Those are just four basic third-side negotiating powers to consider: the power of going to the balcony, which is perspective-taking; the power of listening and respect, which have to do with empathy; the power of reframing; and the power of bridging. The third side allows people to find common ground. If you think about it, the third side is common ground. It’s the sense of the whole.

What about the Middle East?

Let me turn to the Middle East for a moment. For anyone who’s involved in conflict resolution, the most frequent question you get is, “You’re in the conflict resolution business – what about the Middle East?” It’s the conflict that receives the most attention around the world, and it’s widely held and regarded as absolutely impossible. But is it?

I’ve been a close student of that conflict for over 30 years now, and it’s stuck for sure. But one has to ask: Where is the common ground? This is the genesis of a project I’ve been working on, trying to help unstick the conflict by coming at it from a completely different angle, which is to look for the symbolic common ground in the story. It lies, of course, in the figure of Abraham, from whom so many trace their descendance – 3.5 billion people on the planet trace the origin of their spiritual tradition to the story of Abraham. And it’s not just tracing it to a single figure, but to a figure whose basic message is that everything is interconnected – concerned by modern science of course – and whose basic virtue is kindness toward strangers. Hospitality.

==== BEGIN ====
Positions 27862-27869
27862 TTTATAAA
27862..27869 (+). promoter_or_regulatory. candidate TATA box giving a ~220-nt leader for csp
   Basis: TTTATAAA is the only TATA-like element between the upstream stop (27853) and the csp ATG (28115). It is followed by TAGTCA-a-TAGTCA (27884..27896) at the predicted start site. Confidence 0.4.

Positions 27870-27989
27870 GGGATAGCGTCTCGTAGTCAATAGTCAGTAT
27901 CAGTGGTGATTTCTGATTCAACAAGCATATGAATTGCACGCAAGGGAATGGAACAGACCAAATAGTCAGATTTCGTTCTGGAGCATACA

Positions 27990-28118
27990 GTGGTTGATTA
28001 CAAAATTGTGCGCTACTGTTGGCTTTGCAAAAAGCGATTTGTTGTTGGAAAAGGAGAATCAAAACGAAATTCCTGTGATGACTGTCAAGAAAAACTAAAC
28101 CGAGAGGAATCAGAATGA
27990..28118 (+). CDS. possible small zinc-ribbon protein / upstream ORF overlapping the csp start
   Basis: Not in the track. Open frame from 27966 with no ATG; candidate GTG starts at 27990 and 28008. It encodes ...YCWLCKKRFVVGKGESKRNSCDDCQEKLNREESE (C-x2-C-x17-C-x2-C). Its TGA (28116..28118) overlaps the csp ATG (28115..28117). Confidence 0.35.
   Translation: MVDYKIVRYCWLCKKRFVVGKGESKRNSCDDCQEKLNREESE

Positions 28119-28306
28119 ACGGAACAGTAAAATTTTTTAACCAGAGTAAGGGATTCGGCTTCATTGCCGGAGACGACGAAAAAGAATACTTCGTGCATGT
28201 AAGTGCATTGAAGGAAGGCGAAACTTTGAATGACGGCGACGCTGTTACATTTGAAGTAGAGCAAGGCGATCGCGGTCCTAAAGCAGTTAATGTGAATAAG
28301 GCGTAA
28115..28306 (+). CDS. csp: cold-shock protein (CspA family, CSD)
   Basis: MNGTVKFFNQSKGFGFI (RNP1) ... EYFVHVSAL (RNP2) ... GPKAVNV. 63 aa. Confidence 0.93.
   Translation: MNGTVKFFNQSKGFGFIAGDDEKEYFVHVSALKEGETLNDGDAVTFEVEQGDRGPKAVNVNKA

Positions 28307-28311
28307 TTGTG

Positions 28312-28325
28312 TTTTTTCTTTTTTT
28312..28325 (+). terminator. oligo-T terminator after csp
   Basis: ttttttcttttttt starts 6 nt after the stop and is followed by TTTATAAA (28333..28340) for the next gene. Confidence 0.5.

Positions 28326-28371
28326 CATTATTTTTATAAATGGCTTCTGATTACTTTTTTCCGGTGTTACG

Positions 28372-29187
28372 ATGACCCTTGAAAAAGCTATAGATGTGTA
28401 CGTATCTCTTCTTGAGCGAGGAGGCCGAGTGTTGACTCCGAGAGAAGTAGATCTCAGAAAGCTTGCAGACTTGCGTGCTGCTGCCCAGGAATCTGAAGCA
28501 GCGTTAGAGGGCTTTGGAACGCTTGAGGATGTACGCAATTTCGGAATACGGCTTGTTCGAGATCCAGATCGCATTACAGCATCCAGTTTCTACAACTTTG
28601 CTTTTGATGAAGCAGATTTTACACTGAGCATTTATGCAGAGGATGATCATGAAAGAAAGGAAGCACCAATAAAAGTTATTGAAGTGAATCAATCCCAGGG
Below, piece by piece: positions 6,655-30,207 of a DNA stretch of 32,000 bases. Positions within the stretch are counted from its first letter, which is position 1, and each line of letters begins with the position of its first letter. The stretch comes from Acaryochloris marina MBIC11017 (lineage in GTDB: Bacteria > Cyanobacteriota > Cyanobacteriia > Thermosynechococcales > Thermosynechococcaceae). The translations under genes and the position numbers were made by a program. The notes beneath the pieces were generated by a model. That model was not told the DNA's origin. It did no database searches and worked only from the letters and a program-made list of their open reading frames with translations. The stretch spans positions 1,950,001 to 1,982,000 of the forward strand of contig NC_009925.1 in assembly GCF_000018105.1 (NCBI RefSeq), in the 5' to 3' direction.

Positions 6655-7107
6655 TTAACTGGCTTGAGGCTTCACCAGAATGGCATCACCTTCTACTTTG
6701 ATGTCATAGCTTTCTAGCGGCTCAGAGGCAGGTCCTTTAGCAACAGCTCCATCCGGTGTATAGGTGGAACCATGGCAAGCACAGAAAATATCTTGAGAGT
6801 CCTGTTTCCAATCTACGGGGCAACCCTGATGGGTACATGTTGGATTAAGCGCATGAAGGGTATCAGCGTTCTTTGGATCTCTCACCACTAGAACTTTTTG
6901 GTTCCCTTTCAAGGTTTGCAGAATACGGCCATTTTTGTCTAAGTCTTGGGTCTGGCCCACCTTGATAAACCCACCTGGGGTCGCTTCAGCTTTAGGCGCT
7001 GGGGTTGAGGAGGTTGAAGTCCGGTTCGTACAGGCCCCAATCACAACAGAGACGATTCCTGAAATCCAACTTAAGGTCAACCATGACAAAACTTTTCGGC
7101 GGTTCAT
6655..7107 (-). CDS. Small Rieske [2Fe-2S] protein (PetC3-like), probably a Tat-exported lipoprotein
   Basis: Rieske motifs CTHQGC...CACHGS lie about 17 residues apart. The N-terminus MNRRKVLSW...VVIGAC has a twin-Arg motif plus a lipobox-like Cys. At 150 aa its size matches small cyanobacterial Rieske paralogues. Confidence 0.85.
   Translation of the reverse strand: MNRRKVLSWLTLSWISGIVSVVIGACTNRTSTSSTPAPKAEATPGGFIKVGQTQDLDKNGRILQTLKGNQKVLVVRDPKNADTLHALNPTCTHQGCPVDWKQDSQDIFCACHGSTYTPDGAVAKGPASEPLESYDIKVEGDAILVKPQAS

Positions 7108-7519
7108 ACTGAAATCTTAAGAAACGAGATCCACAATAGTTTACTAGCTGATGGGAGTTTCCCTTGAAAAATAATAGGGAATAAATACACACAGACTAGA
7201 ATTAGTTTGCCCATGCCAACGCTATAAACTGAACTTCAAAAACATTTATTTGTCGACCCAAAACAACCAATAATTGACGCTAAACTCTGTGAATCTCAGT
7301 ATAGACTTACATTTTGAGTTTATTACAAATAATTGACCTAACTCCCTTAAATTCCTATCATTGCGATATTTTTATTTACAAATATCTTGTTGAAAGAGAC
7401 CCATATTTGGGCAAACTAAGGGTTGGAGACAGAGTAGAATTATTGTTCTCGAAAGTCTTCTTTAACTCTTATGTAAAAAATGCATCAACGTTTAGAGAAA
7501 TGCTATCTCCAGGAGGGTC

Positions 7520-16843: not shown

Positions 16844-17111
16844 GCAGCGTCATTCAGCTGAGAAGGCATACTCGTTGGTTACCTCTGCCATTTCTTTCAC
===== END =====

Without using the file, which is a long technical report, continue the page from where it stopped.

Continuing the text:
My colleagues and I have been working on trying to go to the heart of the conflict, the heart of the story, in the heart of the Middle East by dusting off the footsteps of Abraham and reawakening the ancient path that Abraham and his family, Sarah and Hagar, are believed to have taken 4,000 years ago. Their path goes from one of his traditional birth places in northern Mesopotamia, in the southern Turkish city of Urfa and the ancient ruins of Harran where he hears the call, all the way down through Syria, Jordan and Israel, and ending in the Palestinian city of Hebron, or Al-Khalil – which is named after Abraham and where he is buried.

We studied the potential and difficulties of the idea at Harvard, and I made a number of trips to the region consulting, and a lot of people here in this country said it was impossible. A lot of people thought this was an absolutely crazy idea, that there was no way anyone would ever travel there. So we did a demonstration journey where we took 25 people of all faiths from 10 different countries. We had priests, a sheik, a rabbi, and we actually retraced the footsteps of Abraham. And there was enough interest in the region, even with all the conflict, that host committees have started to assemble, and I’m pleased to say that this year it’s no longer a vision or a crazy idea. It’s an incipient reality. We now have hundreds of people every month beginning to walk the first segments of the path that are now open where no one would have imagined it possible, in the West Bank, Jordan, Turkey and even Syria.